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The Intimate Link between Income Levels and Life Expectancy: Global Evidence from 213 Years

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  • Jetter, Michael

    (University of Western Australia)

  • Laudage, Sabine

    (University of Bayreuth)

  • Stadelmann, David

    (University of Bayreuth)

Abstract

Contrary to previous findings, we find a systematic and economically sizeable relationship between income levels and life expectancy in a panel dataset of 197 countries over 213 years. By itself, GDP/capita explains more than 64 percent of the variation in life expectancy. The Preston curve prevails, even when accounting for country- and time-fixed effects, country-specific time trends, and alternative control variables. Quantile regressions and instrumental variable estimations suggest this link to be persistent across different levels of life expectancy and unaffected by reverse causality. If policymakers want to prolong people's lives, economic growth appears to be the predominant medicine.

Suggested Citation

  • Jetter, Michael & Laudage, Sabine & Stadelmann, David, 2016. "The Intimate Link between Income Levels and Life Expectancy: Global Evidence from 213 Years," IZA Discussion Papers 10015, Institute of Labor Economics (IZA).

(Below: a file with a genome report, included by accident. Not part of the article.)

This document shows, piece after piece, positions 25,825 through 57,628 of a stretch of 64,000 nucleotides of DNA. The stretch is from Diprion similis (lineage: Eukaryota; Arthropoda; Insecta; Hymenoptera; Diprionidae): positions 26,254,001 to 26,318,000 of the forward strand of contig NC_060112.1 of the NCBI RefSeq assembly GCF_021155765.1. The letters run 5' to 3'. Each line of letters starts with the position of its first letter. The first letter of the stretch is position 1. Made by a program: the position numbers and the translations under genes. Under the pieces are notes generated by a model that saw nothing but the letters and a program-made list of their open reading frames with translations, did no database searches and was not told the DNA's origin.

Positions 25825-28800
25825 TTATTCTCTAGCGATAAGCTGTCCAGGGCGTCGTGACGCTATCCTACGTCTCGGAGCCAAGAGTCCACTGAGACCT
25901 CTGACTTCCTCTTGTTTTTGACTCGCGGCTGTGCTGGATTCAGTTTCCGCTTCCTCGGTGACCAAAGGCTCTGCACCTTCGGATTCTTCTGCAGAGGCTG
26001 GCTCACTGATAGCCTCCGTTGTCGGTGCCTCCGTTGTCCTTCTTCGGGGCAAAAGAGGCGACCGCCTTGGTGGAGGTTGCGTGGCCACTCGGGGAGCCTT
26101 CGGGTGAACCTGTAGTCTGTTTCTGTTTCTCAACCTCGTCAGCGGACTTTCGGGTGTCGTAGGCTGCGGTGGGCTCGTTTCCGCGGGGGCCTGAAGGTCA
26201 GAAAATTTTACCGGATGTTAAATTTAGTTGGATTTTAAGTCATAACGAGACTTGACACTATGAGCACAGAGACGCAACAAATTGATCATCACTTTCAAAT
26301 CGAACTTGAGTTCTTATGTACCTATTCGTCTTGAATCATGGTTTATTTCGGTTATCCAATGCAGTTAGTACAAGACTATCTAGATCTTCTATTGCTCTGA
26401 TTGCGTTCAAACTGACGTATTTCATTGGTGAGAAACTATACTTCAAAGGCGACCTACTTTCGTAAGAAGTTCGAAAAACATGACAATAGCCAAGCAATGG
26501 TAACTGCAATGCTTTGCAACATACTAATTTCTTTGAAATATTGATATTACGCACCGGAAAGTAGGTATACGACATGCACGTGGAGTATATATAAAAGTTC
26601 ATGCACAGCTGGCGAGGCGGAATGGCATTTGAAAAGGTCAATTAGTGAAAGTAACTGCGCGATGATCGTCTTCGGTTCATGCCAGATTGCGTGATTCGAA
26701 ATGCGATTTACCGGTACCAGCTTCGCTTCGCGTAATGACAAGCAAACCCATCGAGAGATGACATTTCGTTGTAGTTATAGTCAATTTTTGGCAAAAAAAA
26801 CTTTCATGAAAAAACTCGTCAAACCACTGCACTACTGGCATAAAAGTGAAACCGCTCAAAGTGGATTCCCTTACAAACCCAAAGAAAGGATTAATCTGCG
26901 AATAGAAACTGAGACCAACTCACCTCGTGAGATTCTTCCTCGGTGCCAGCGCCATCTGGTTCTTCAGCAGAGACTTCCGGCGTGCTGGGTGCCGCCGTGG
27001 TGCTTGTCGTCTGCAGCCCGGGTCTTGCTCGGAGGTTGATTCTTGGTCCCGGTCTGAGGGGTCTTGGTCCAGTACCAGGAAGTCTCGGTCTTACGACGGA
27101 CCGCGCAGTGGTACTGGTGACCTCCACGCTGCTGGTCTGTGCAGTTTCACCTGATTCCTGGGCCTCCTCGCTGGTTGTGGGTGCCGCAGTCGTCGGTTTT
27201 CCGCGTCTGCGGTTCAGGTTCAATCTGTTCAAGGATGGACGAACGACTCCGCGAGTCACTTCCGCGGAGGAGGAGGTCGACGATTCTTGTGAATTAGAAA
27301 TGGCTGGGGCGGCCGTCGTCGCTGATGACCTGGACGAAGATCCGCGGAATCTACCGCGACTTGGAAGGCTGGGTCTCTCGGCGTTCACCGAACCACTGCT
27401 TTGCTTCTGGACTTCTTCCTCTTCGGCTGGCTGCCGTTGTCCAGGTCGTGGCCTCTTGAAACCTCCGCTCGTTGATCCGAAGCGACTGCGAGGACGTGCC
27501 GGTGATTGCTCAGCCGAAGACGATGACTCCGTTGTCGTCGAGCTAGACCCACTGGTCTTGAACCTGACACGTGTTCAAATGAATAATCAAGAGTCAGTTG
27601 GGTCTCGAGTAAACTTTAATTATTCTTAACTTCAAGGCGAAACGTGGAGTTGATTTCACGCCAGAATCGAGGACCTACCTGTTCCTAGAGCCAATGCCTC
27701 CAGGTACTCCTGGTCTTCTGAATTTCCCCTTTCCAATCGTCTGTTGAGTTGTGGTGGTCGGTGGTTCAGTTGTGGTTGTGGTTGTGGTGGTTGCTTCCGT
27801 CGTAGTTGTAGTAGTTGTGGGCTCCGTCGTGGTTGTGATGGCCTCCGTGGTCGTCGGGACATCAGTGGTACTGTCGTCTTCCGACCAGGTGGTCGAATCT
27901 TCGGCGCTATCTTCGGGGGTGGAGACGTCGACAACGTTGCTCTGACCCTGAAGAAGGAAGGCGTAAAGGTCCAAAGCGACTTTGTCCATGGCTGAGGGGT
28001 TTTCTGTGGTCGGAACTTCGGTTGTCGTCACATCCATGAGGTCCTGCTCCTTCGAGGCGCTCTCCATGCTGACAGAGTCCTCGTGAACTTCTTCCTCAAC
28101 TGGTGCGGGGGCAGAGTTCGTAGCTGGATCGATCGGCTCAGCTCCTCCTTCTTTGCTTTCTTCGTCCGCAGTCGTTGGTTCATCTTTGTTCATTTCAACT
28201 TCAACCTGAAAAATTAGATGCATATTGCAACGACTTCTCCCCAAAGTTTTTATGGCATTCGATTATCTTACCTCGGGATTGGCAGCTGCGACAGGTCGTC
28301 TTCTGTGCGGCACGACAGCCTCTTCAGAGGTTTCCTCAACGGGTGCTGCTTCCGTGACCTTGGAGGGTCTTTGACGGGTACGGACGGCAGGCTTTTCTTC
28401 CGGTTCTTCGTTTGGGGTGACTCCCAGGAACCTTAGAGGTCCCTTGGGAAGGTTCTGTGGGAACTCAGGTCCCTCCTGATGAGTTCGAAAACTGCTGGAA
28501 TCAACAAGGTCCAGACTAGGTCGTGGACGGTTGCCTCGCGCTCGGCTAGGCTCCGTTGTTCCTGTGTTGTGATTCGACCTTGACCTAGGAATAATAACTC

• Handle: RePEc:iza:izadps:dp10015
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    More about this item

    Keywords

    life expectancy; income levels; historical panel data; quantile regression analysis;
    All these keywords.

    JEL classification:

    • I15 - Health, Education, and Welfare - - Health - - - Health and Economic Development
    • I31 - Health, Education, and Welfare - - Welfare, Well-Being, and Poverty - - - General Welfare, Well-Being
    • J11 - Labor and Demographic Economics - - Demographic Economics - - - Demographic Trends, Macroeconomic Effects, and Forecasts
    • H51 - Public Economics - - National Government Expenditures and Related Policies - - - Government Expenditures and Health

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